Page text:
Since the invasion of Ukraine, Russia has earned 158 billion euros from hydrocarbon exports.

One hundred and fifty-eight billion euros. That’s the most Russia pocketed in the first half of the year since its invasion of Ukraine began, and the European Union (EU) was the main recipient thanks to its hydrocarbon exports. A report by experts from the Center for Research on Energy and Clean Air (CREA) was released on Monday, September 5.

“At least 43 billion euros have entered the treasury of the Russian state (in 2021, the federal budget is 230 billion euros) thanks to taxes and customs duties since the beginning of the war”, Lead author Larry Milevirta believes so. At this stage, He adds, “These revenues exceed the cost of Russian military spending estimated at 100 billion euros, while the destruction of Ukrainian infrastructure is estimated at 110 billion”.

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The reason for such a bonanza? Expenses. Despite the sanctions, Moscow was able to efficiently compensate for the lower volumes exported, especially due to rising prices in European markets, despite falling imports from the EU. In gas, for example, the risk of drying up flows has prompted a stratospheric increase, with wholesale prices more than tripling compared to 2021. In other words, in July-August, compared to 2021, the export volume decreased by 25%. During the same period, revenue increased by 30%. results, “Gas imports may have dropped by 70%, but this country’s export earnings have not dropped at all”.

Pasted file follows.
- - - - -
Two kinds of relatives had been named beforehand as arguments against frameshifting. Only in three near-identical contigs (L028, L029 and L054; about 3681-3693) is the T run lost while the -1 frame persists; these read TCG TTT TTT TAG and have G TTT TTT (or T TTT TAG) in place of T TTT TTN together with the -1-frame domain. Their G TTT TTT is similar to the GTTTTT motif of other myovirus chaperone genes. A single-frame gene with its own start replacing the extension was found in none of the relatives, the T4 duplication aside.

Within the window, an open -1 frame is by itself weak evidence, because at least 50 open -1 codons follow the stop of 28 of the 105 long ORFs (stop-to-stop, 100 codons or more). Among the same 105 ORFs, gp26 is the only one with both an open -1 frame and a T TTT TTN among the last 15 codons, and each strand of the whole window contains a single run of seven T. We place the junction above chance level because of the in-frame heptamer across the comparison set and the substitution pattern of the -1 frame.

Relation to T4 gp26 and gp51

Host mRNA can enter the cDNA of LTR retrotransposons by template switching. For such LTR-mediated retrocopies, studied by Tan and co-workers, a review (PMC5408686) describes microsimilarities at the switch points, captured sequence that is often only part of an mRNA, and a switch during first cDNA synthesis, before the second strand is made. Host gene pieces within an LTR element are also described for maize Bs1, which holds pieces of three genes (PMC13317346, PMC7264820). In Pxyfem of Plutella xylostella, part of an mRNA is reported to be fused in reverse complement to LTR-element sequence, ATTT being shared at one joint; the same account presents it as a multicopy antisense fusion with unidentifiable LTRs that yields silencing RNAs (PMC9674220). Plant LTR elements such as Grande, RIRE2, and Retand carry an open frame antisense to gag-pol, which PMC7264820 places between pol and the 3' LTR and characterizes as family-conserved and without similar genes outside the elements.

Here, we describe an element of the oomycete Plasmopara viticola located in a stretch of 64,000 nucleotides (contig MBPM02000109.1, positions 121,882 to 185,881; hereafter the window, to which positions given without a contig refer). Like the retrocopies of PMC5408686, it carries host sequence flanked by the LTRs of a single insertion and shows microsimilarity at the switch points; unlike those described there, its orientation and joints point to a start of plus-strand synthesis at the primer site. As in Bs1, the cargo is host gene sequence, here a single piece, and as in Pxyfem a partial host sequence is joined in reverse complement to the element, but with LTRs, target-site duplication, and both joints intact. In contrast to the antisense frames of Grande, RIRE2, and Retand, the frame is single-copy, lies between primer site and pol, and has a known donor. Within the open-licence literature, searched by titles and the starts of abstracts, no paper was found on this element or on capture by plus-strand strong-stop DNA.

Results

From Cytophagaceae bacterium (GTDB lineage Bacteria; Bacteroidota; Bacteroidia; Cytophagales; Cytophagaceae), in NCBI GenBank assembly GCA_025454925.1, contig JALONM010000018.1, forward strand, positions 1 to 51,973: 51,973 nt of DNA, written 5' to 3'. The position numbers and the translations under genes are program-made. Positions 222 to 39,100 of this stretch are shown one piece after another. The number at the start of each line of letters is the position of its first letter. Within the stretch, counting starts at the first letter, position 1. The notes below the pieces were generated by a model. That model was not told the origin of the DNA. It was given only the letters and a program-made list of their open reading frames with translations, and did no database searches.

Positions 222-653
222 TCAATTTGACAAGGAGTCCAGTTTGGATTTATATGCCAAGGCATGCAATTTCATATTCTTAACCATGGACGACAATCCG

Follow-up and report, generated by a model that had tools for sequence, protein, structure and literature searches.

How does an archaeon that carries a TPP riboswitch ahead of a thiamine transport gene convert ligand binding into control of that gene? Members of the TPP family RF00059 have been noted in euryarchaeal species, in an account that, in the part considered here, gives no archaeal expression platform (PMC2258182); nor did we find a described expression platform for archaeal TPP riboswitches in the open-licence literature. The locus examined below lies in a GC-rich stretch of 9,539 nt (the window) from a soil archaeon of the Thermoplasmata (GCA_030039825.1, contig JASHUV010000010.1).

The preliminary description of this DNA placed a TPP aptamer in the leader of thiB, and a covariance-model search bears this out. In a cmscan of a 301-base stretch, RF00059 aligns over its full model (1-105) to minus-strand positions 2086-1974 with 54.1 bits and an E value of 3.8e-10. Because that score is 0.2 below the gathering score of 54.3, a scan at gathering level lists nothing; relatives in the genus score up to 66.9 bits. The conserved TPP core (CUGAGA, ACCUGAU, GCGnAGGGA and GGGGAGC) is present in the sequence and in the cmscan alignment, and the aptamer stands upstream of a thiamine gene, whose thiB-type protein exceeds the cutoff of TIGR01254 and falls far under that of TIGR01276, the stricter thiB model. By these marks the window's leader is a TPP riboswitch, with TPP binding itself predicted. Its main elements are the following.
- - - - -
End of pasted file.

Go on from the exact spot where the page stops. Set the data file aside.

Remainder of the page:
In the first half of the year, the EU still imported more Russian fossil fuels (85 billion euros) than China, Turkey and India. Within the EU, Germany ranks first, followed by the Netherlands, Italy, Poland and France (€5.5 billion).

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China replaced Germany

However, a panorama that failed to develop in the coming months. The EU, NATO and G7 countries (actually EU, Turkey and Japan) together imported 56% of Russia’s fossil fuel exports in July-August. But this figure, while substantial, is down 75% from pre-invasion levels, especially in Europe.

During this period, Russian gas sales (by “pipeline”) fell 56% overall, while sales of coal and liquefied natural gas fell 29% and 15%, respectively. The only exception: black gold. In this area, the EU ban will not come into effect until December 5, and Russia has managed to increase its sales (+ 19%). Through new outlets in India, China, UAE and Egypt.

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